For all the adventure sports lover, GoPro (now at version GoPro HERO9) is a must device as this action camera is compact and capable of recording your wonderful activities and moments. If you've shot a bunch of footage on your GoPro, you may want to import the GoPro video files to Final Cut Pro X or other non-linear editing applications to make them more stylish before sharing. However, the H.264 or H.265 file format used in GoPro camerea is not desgined for editing. To make your editing process simpler and less resource-intensive, you'd better transcode the GoPro H.264/HEVC to Apple ProRes file format. This format was specifically designed for editing and is well compatible with Final Cut Pro X and other NLEs.

Convert GoPro H264/H265 for Final Cut Pro X

In this article, we will explain why it's a good idea to use ProRes instead of H.264/H.265 codec for your edits. Also we will show you an easy workaround to help you transcode GoPro footage to Apple ProRes for Final Cut Pro X.

Why Not Stick with Editing GoPro H.264/HEVC Footage in Final Cut Pro X?

All the GoPro cameras can record video files in the H.264 file format. Since the HERO6 Black, GoPro has used a new codec for compressing and encoding vides. It's most commonly known as HEVC (for High Efficiency Video Coding) or H.265. Most NLEs, including Final Cut Pro X, now can handle H.264 and H.265 codecs natively. But this may not always be the best path to take. And there are several reasons why you should look for alternatives to editing with these highly compressed, so-called Long-GOP codecs.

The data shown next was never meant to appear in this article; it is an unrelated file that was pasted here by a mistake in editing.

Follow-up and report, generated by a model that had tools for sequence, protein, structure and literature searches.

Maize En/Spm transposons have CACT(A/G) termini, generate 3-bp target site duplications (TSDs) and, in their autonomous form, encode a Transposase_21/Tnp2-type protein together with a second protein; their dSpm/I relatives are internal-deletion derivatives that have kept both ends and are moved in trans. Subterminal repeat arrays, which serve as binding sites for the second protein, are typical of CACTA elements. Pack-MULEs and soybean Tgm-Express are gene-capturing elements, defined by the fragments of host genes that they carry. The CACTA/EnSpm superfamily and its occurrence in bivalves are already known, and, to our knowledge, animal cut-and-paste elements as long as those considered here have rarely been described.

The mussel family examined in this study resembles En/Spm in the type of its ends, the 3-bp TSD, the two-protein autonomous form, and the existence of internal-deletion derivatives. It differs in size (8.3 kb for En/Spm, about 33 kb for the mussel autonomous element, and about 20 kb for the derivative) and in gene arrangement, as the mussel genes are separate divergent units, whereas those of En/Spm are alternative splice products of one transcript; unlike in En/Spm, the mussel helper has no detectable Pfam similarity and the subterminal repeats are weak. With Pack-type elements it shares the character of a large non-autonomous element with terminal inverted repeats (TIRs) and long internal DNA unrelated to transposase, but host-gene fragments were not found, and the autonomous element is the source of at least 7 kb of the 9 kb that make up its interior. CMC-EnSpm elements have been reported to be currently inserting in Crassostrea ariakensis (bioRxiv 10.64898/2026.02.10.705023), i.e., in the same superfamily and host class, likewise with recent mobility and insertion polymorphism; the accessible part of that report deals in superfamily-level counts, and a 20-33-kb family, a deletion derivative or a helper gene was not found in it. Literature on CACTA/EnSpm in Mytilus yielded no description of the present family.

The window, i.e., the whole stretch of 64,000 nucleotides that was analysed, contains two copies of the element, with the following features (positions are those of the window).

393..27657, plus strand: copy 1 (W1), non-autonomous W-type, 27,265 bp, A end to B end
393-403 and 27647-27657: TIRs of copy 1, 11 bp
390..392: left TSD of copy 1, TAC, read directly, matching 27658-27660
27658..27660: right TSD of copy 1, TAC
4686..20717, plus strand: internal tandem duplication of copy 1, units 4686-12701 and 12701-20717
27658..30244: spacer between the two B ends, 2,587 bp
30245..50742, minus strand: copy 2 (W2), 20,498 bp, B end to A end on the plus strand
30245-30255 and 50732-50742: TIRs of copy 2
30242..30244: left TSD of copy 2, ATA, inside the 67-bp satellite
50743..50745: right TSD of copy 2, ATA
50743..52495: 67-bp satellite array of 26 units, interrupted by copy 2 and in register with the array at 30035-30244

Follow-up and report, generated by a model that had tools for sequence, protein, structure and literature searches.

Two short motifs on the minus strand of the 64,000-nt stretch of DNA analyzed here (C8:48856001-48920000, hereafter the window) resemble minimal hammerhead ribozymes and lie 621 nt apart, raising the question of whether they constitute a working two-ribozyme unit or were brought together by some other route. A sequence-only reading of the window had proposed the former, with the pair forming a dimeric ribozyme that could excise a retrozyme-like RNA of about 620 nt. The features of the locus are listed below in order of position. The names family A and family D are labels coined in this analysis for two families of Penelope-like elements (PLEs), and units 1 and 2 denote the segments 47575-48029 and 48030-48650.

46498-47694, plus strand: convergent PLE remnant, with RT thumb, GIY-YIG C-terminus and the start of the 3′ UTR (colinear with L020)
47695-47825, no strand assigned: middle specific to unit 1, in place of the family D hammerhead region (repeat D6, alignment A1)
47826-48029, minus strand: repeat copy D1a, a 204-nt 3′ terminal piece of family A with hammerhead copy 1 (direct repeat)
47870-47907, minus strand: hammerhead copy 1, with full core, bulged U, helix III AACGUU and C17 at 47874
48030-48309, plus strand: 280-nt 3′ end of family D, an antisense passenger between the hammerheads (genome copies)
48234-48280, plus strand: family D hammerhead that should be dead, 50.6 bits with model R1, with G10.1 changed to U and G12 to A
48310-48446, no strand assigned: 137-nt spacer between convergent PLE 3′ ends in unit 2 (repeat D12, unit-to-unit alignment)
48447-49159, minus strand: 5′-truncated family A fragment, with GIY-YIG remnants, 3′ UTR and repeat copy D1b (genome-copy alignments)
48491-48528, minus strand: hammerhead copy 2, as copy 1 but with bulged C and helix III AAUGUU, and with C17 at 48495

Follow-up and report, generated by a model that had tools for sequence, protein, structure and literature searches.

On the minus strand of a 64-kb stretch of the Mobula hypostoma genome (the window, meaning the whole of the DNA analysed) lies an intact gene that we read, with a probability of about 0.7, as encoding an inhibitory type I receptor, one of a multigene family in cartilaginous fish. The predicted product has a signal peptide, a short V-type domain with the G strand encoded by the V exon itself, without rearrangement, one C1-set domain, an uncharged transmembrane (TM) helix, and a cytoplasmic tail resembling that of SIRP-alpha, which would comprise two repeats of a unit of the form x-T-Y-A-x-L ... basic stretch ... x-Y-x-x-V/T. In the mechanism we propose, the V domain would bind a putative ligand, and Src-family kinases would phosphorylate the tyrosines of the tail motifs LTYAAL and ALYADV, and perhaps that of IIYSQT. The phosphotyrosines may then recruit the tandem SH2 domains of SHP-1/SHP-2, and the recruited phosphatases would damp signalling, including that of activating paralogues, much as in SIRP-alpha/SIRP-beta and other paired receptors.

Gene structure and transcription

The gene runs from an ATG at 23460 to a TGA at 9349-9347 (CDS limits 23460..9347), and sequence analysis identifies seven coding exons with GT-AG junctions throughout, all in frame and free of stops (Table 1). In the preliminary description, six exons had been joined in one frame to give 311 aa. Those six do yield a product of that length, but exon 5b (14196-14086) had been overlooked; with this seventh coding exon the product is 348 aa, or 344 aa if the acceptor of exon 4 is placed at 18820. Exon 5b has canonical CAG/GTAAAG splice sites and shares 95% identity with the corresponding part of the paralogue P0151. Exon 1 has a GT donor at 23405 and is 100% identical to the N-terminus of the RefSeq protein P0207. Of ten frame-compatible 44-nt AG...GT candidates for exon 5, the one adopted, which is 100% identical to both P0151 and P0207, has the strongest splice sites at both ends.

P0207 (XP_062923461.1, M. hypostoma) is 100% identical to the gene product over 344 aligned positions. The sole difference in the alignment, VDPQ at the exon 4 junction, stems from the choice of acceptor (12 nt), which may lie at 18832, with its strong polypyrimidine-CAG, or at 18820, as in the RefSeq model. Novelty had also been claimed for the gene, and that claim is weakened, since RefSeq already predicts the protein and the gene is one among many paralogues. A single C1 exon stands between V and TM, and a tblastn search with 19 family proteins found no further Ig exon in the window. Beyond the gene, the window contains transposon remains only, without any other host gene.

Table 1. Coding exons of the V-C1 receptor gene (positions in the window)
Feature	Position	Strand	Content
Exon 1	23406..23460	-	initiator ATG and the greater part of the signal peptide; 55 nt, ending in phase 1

Long-GOP H.264/H.265 codecs were designed to deliver video. They weren't ever meant to capture or edit it. The problem is that almost every technical trick that was pulled to reduce bandwidth made it harder to edit video once it was compressed. The biggest problem is that to be able to see any image at all, the decoder has to reconstruct the image from adjacent frames. Possibly five or six, but equally possibly as many as fifteen. And it has to do this for every video stream - so if you want to preview a dissolve in real-time, your computer's going have to decode two video clips even though it's probably struggling to decode one.

All of this puts a big strain on a "normal" computer. In practise it means slow, jerky playback, and fewer effects in real-time when editing GoPro H.264 or H.265 files in Final Cut Pro X. It may also hamper the final quality of your edit, because each time the video is decompressed to carry out an effect, it has to recompress the result, into the same, parsimonious compression scheme.

You can work with the GoPro video in FCP X, if you stuff your computer with RAM and it has enough processing power, but this is always going to be second-best to working with a codec that is designed for editing.

What's So Good About Apple ProRes?

What's good is that Apple ProRes codec doesn't compress the video as much. The ProRes files trade storage space and bitrate for quality and ease of processing. They typically need ten times as much storage. That's a lot, but hard drives are tending towards being free, so it hardly matters these days.